Just like we learned from our friend Bill Nye the Science Guy, every experiment must have an independent variable, a dependent variable and a control variable. So if you want to run experiments with your PPC ads, the AdWords Campaign Experiments tool can help you do this, and set your tests up properly.
The benefit of using the AdWords Campaign Experiments tool is that it creates the conditions of a real statistical experiment by comparing your changes against a control. This also lessens the risk of unfavorable results on your whole campaign by only applying changes to part of your audience.
What are AdWords Campaign Experiments?
AdWords Campaign Experiments (ACE) is a tool within Google AdWords allowing you to test changes in a campaign and monitor the effects. Experiments are set on the Campaign level and can be found under the Settings tab of a particular campaign. As shown below, in order to set up an AdWords Campaign Experiment, you must specify a name, a control/experiment split percentage, and a start and end to the experiment. The control/experiment split percentage will determine the likelihood that Google will serve the control group (attributes that remained the same) or experiment groups (attributes you changed) in the search auction.
Choosing Variables to Test
With AdWords Campaign Experiments you can test several independent variables at the Ad group, ad and keyword level of the campaign, such as keyword match types, bids, landing pages, etc.
ACE limits the number of experimental changes you can make per campaign at 1,000. Additionally, you cannot test the effect of using various Campaign settings such as budget, ad delivery method or bid method.
Analyzing the Dependent Variable
The dependent variable is going to be the aspect of your account you are hoping to improve with the test. For a landing page test this might be conversions or conversion rate. You do not have to do anything in AdWords to focus on a particular performance indictor for your experiment, but you will want to be aware of what the goal of the experiment is.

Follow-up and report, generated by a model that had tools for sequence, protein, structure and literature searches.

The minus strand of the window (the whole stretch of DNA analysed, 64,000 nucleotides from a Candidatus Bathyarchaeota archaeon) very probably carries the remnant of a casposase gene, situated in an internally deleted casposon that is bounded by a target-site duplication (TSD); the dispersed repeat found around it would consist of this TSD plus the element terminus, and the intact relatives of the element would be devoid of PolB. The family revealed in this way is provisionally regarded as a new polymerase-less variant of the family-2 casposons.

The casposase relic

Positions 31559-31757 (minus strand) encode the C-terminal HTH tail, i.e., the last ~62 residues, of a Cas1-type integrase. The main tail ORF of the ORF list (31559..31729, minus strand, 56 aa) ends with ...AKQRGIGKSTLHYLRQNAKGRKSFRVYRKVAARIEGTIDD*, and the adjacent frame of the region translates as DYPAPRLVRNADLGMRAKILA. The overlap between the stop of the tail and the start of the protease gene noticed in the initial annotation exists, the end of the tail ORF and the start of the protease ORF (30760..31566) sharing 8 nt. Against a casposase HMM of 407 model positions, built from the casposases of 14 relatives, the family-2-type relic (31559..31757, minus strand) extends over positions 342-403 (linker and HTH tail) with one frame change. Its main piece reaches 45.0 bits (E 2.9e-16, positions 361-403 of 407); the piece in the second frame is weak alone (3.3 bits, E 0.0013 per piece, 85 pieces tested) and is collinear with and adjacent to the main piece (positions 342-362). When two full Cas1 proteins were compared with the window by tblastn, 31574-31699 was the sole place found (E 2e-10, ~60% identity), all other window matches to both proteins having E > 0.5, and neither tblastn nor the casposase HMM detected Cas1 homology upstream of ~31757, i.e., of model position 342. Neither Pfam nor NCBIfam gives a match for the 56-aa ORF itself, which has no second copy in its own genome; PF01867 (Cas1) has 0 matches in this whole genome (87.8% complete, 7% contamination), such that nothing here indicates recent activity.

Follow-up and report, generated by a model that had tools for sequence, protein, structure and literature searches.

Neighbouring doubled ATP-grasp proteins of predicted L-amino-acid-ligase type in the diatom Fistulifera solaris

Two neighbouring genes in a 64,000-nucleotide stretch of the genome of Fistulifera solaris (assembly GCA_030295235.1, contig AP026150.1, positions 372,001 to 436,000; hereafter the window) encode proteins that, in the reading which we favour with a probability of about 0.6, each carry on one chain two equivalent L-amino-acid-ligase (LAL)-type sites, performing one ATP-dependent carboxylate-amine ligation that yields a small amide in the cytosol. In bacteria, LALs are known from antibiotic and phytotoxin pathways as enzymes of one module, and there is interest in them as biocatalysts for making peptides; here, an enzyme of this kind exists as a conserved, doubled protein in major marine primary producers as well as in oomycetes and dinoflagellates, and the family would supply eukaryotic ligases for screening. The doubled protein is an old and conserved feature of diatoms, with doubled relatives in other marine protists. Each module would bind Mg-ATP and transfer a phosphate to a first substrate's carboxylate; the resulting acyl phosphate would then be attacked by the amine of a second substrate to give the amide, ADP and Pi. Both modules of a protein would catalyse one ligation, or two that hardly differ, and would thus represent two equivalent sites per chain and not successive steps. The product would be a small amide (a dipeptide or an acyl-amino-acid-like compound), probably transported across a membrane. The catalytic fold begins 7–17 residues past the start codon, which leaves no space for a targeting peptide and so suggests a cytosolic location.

You can analyze your data while the experiment is running under the Segments Tab located in the Ad group, ad and keyword levels. When you select experiments, Google AdWords provides up or down arrows next to each metric representing how likely it is that your results are due to chance. The more arrows there are, the more likely it is that your results are not due to chance, meaning there is a relationship between the experimental changes you made and the results. When Google shows up and down arrows together, the results were not affected by your experiment.
In the past, AdWords users tested changes using basic before and after analysis, which neglects the outside variables that can affect your campaign performance at any time. These include things like seasonal traffic or interest, an outside marketing campaign or promotion, or changes from your competitors. The control group in Google AdWords Campaign Experiments serves to limit the influence of outside factors on the test, and make it statistically fair. When you set up the experiment, you need to decide how much of your audience you want to be the control versus the experiment.
Beware that there are some limitations to variable testing with AdWords experiments. You cannot run more than one experiment per campaign at a time, nor can you test campaign level settings. See a full list of limitations here.
Questions? What will you use AdWords Campaign Experiments to test? Comment below or tweet at me @NicoleBandy.